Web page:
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Many English lawyers and judges claim that frozen orders are essential to contain fraudsters and defend the openness of their courts to lawsuits and evidence from countries with compromised legal systems. In evaluating all evidence, regardless of where it came from or how it got there, they believe that it serves better justice.
“The admissibility of evidence makes British courts more attractive than countries like the US for this type of litigation,” said Pavel Tokarev, a former Diligence investigator who founded his own agency in 2019. “The rules for accepting evidence are very flexible in the UK”
Ms. Tyshchenko’s prison evidence is a case in point.
To acquire it, Mr. Hardman worked with Andrei A. Pavlov, a Russian lawyer hired by BTA Bank. The United States and Britain later sanctioned Pavlov for his alleged role in a criminal conspiracy that resulted in the 2009 death of whistleblower Sergei Magnitsky in a Moscow prison. Mr Pavlov said in an interview in Moscow that he was unjustifiably smeared and did nothing wrong. He said he was proud to have worked with Mr Hardman as his London partner had a reputation for being an excellent lawyer.
Amid complaints that Hogan Lovells had not fully informed the court that Ms. Tyshchenko had submitted her evidence under duress, an English judge ruled that they had complied with disclosure requirements by stating that she was detained when she provided the information provided for the first time. However, the judge was not asked to decide whether the circumstances of her detention – the fact that she was in a Russian prison – should be taken into account, as well as Mr Pavlov’s involvement and whether Ms. Tyshchenko had been ill-treated.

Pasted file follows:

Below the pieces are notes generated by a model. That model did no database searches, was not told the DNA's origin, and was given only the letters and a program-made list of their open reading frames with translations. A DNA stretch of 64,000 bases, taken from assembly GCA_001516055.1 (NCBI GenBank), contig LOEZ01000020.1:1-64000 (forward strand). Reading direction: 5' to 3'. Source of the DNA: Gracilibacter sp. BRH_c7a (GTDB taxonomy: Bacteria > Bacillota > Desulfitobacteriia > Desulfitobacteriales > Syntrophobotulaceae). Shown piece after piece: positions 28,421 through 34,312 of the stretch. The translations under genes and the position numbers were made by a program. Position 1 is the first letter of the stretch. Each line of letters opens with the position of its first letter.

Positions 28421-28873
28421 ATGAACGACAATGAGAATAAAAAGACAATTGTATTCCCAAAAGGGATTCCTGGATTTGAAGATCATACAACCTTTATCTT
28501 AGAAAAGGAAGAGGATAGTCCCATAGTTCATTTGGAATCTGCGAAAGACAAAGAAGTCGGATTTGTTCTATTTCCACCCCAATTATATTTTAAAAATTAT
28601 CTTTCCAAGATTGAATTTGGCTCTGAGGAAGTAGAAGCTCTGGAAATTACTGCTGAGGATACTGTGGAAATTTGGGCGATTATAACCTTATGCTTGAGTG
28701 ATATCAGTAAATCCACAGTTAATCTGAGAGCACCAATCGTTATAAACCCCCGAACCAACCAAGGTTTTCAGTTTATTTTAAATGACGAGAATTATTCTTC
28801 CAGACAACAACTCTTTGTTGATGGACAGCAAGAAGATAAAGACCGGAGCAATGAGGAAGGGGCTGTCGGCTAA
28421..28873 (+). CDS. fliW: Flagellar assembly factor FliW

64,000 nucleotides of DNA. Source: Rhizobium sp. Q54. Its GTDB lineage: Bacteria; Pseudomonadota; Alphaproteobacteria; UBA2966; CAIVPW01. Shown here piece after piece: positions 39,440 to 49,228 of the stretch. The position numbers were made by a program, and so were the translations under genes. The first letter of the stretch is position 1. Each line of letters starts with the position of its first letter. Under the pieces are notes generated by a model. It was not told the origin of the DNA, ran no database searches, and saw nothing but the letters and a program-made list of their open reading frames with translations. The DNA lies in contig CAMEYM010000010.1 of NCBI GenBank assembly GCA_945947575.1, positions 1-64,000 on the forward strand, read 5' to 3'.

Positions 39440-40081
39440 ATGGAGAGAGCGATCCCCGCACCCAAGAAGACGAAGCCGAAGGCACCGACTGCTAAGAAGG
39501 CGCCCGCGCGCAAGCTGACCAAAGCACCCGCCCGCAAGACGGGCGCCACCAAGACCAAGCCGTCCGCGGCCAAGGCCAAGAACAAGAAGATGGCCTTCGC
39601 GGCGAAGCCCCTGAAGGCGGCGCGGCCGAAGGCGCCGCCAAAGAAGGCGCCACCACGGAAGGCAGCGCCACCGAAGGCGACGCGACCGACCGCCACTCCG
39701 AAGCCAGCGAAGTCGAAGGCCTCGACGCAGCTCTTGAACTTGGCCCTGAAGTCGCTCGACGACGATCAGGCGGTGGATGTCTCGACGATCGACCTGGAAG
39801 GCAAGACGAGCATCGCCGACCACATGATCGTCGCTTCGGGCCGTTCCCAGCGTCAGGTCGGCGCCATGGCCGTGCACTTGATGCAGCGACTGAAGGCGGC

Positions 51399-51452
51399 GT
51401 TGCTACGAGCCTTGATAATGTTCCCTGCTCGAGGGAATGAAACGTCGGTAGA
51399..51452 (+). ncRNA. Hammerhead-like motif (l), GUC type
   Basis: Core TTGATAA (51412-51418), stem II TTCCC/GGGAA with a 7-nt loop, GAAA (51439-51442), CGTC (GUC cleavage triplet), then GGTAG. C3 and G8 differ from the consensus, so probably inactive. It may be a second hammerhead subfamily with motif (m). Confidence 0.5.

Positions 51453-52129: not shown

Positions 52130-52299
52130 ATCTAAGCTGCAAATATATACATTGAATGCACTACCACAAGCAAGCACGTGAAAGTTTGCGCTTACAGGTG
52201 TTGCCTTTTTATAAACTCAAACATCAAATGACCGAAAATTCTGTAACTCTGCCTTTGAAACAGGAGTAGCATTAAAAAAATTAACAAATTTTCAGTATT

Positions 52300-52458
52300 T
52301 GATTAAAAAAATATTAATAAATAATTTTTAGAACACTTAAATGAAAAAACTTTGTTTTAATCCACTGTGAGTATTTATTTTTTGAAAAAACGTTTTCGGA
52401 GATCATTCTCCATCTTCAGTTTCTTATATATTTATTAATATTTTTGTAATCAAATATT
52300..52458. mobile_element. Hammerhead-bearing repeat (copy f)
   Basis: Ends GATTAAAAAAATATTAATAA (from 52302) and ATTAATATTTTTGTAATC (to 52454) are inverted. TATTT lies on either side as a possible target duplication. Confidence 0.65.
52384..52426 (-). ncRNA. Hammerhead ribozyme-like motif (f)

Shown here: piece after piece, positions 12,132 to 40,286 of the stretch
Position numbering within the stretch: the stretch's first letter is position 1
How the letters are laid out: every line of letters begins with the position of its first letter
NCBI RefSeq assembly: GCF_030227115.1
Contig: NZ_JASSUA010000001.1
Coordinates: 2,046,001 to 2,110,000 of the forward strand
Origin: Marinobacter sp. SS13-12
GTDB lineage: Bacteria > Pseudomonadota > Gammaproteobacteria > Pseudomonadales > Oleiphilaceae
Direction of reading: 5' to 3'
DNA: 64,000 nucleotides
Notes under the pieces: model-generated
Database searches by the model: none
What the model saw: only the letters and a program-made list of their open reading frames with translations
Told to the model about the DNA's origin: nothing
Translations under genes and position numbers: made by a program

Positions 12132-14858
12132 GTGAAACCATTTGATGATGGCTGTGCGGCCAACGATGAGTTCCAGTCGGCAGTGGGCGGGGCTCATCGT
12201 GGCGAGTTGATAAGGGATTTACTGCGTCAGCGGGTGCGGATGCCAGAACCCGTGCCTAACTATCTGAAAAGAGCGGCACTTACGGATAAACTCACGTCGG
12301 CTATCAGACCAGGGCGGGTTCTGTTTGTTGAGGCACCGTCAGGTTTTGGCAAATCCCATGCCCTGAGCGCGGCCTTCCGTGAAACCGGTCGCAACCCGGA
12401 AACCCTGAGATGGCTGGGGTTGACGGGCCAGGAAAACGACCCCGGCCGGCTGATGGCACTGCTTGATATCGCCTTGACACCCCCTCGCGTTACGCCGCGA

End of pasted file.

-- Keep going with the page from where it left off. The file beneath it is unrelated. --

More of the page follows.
While Ms. Tyshchenko remained in prison, another Hogan Lovells attorney convinced an English judge to issue an order requiring her husband in the UK to provide records and other information. Evidence produced by the law firm included “press reports” from compromat.ru, a Russian website notorious as a clearinghouse for unconfirmed and sometimes fabricated information.
Hogan Lovells said the London High Court had already dismissed complaints of “improper conduct” by the firm in the case of Ms. Tyshchenko, stating that she was “fully” in line with the rules of evidence. The information from compromat.ru is “a small part of a much larger collection of evidence that the court accepted to justify the issuance of the order” in the case of Ms. Tyshchenko, the company said.
Ms. Tyshchenko was less confident. “There are no good guys in this affair,” she said.
If some London law firms have made rich profits defending oligarchs and former Soviet countries, they have sometimes been less successful in getting funds back for these clients. As of November 2020, BTA Bank had only recovered $ 45 million of the more than $ 6 billion Mr Ablyazov allegedly stole, its chairman said in a recent affidavit.